| Pakistan Prime Minister Shaukat Aziz (second from right) and his Turkish counterpart Recep Tayyip Erdogan (right) console a child injured in the earthquake in Muzaffarabad. (AFP)
Garhi Habibullah (Pakistan), Oct. 21: The black wires running through the ruins in this mountain town struck a local Muslim cleric as a message from God.
The wires had delivered cable television to about 300 homes and businesses in the town, which was devastated by the October 8 earthquake.
Imam Shafqat ur-Rehman is convinced that the natural disaster was God’s punishment for people viewing too much cable smut.
“Cable TV is a source of vulgarity and obscenity,” said the imam, who heads a local madarsa. “There are various programmes on cable that a true Muslim just cannot watch.
“I do not know the exact names because I haven’t viewed them myself,” the cleric added. “I have no interest in such things. But my friends tell me they have seen them at roadside hotels and such. They show men and women hugging each other. They also kiss one another. And there are nude pictures.”
For four years, Pakistani President Pervez Musharraf has tried to lead this Muslim majority country of 162 million people away from religious extremism and down a path of what he calls “enlightened moderation”.
His success is crucial to winning the battle of ideas at the heart of the US-declared war on terrorism. The magnitude 7.6 quake dealt a blow to his efforts by giving renewed strength to extremists.
In parts of the quake zone, survivors say Islamic militants, many of them veterans of the rebellion in Kashmir, were among the first people to rescue victims trapped in the rubble. It happened in Garhi Habibullah, Rehman said, because Pakistani soldiers didn’t arrive until later.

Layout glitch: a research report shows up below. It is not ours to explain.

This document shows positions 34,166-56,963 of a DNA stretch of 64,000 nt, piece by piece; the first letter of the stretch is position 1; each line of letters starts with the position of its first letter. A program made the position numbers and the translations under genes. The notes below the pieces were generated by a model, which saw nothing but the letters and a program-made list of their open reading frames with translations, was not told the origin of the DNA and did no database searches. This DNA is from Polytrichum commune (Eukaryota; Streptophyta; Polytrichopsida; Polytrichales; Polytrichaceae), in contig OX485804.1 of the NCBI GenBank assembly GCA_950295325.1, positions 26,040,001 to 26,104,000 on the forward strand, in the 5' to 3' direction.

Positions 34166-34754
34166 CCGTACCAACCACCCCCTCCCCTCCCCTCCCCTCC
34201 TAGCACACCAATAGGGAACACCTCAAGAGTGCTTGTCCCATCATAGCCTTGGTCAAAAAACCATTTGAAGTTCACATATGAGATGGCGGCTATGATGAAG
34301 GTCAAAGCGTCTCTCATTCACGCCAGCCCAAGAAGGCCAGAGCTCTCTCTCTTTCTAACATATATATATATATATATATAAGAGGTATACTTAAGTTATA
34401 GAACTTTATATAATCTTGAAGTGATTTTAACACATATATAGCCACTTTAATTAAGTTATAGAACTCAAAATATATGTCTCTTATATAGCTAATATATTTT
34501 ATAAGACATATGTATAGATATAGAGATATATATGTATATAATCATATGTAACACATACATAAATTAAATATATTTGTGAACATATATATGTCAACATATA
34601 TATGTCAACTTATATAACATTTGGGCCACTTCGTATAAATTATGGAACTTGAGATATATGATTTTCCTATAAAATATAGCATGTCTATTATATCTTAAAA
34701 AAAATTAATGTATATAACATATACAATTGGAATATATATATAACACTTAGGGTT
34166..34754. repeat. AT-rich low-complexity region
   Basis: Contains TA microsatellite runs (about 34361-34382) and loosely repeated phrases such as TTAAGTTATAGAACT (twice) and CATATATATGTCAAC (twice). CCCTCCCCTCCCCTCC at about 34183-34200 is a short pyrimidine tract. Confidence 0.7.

A bloc of hard-line Islamic parties forms the Opposition in the national parliament and governs the seriously damaged North-West Frontier Province, which includes this town. They have argued for years that the President is going too far in tying Pakistan to the West.
After the quake, many people lost all doubt that Musharraf’s approach was wrong. But, like the rest of Pakistan, Garhi Habibullah is divided over whether the quake, was an act of divine retribution.
Ihsan Nazeem, 17, doubts that God is against all television. TV sets, whether they’re used by poor or rich people, provide information,” said Nazeem, who survived the collapse of a boys’ high school. “It depends how you use it.”
This remote town, in the mountains about 100 miles north of Islamabad, the capital, first got cable seven months ago. Hundreds of subscribers signed up, despite an anti-cable campaign by the imam and his supporters.
Cable opponents were most upset about the English-language programmes beamed in by satellite to the distributor. The imam singled out HBO, which broadcast Hollywood movies and TV shows such as Sex and the City. Another popular cable channel here was Rupert Murdoch’s Star TV, which airs Desperate Housewives.
Rehman, a young man with a gaunt face and a long black beard, sees God’s selective hand in the pattern of the devastation. Houses that had cable connections were flattened, while others were not, he claimed.
The imam’s Arabia Islamia madarsa does not have TV sets. Photographing the human form is an insult to God, and, therefore, not condoned by Islam, he said.
But near the madarsa, the local cable company had run wires past a wall, which collapsed in the quake while the school escaped damage. None of the 150 students were harmed, whereas several hundred students in the town’s government schools were crushed to death.